By: Kayti McGee

I should have shared the crostini.

There were a million things I could have done differently.

On the couch, Scarlet farted in her sleep and it didn’t even make me laugh. No one had ever been as broken as I. I set the bar for brokenness.

“Maybe we should order a pizza,” Lizzie said. “Kick this party up a notch.”

I turned on the TV and ignored everyone. Eventually they would leave and I could crawl back into my hole. For another day, anyway, then it was back to work and begging for overtime so I could try and bulk up my bank account before finding a new place to live.

I really liked this house, too. Just my luck, I’d end up in someone’s basement next. Although at least in a basement I could do some printing.

Printing. I had wanted to hang prints in here. My vision got blurry as I stared at the empty walls, as barren as my heart, but I drifted off before I had a chance to start sniffling again.

The Dream was back, but this time, the ink splotches on my arms were whispering to me as I walked down the halls of my alma mater nude.

“You weren’t good enough for him.”

“Your boobs are too small.”

“Your comic sucks.”

I looked down at my final project, and it had turned into an oil painting of his face on a giant penis. Even in my dream, I was pissed.

A penis? Really? I had worked long and hard (ha ha) on that project. And my boobs were a perfectly acceptable mouthful. And my comic was actually awesome. I’d earned those followers, I’d only screwed up my reactions to everything.

I woke up with a start, and ran for my computer. It wasn’t on my desk where I was certain I’d left it. It wasn’t anywhere in my room. I started to hyperventilate a little. Had I been robbed? Did we all get too drunk and robbers just tiptoed in and grabbed the computer? But no, the television was still there, and so were the assorted vodkas.

“Looking for something?” Lizzie stopped me in the hall, laptop under her arm.

“Give me that.” I wasn’t in the mood for games.

“I’m not giving you shit,” she hissed. Turned out she wasn’t in the games mood either. “I am not going to let you throw away the career you’ve always dreamed of over a man. You aren’t getting this back until you are ready to behave like a grownup, Madison.”

“Okay,” I said.

“What?” I think she was expecting a fight. But it turned out broken just wasn’t really compatible with my natural optimism, and nervous or not—I’d already done the scariest things I could think of when I put my art online for strangers and told my sex thing I loved him.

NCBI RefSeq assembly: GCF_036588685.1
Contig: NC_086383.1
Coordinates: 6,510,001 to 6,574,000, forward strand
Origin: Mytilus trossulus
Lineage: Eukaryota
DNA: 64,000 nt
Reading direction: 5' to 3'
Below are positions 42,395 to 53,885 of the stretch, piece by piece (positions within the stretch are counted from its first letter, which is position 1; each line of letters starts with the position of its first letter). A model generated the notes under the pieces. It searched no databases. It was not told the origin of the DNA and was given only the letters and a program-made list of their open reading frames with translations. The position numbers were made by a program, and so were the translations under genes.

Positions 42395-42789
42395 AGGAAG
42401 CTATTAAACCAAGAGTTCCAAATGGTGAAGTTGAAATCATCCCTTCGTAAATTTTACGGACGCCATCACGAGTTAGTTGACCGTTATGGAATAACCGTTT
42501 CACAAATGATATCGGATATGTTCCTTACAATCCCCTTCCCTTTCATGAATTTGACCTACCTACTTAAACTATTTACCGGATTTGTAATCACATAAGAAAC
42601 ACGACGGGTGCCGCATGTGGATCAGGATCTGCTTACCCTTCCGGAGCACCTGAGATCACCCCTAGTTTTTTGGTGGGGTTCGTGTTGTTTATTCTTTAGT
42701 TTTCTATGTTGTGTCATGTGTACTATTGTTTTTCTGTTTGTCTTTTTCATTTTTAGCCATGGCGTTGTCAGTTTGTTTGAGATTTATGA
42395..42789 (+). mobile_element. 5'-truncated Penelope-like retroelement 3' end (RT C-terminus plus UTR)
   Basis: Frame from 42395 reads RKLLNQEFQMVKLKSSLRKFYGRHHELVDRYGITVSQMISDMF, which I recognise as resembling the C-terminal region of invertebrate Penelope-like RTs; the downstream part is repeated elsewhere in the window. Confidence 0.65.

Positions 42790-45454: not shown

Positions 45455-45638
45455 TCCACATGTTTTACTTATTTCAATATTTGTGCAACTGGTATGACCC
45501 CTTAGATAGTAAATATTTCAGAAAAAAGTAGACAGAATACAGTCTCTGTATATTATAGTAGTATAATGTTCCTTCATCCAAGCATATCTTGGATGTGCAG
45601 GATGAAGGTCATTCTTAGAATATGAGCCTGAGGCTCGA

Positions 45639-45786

“I said okay. I’m ready to be a grownup. And I need to accept that agent’s offer before she gets bored of waiting for me.” I hoped she wasn’t already. I had no idea how agents worked, but I bet they didn’t expect to be ignored.

“I, uh. Well, I went ahead and accepted that one for you.” She started to hand over the computer, but I stopped her and grabbed my notebook first. “What now?”

I couldn’t even be mad she’d pretended to be me. She was probably a way better accepter than I would have been. Where I would have used all caps, I bet she used complete sentences and punctuation that wasn’t just strings of exclamation points. Lizzie was a good egg.

“Now, I draw an awesome version of events. And tell the world what I’ve done. And then we get Ava to text Marc and tell him to look online. And then if he still hates me, at least I know I’ve done everything I could. And we drink another gallon of vodka and I sleep on your couch and become your unpaid nanny.”

Lizzie looked suspiciously interested in that last part, but she let me retreat to my room with all my tools anyways.

I worked through the entire night, writing down everything that had happened since I stood on the threshold of this house, rubbing my glasses and gawking at Hot Marc’s Colin Farrell face. Then I drew until I had to put my wrist brace on.

And then—I waited.


“Are you fucking kidding me?”

Those were not exactly the words I expected to hear when my roommate finally came home. Was he my roommate anymore? I stood in the living room, twisting my lips around nervously, waiting to hear if his next step was going to be throwing me out.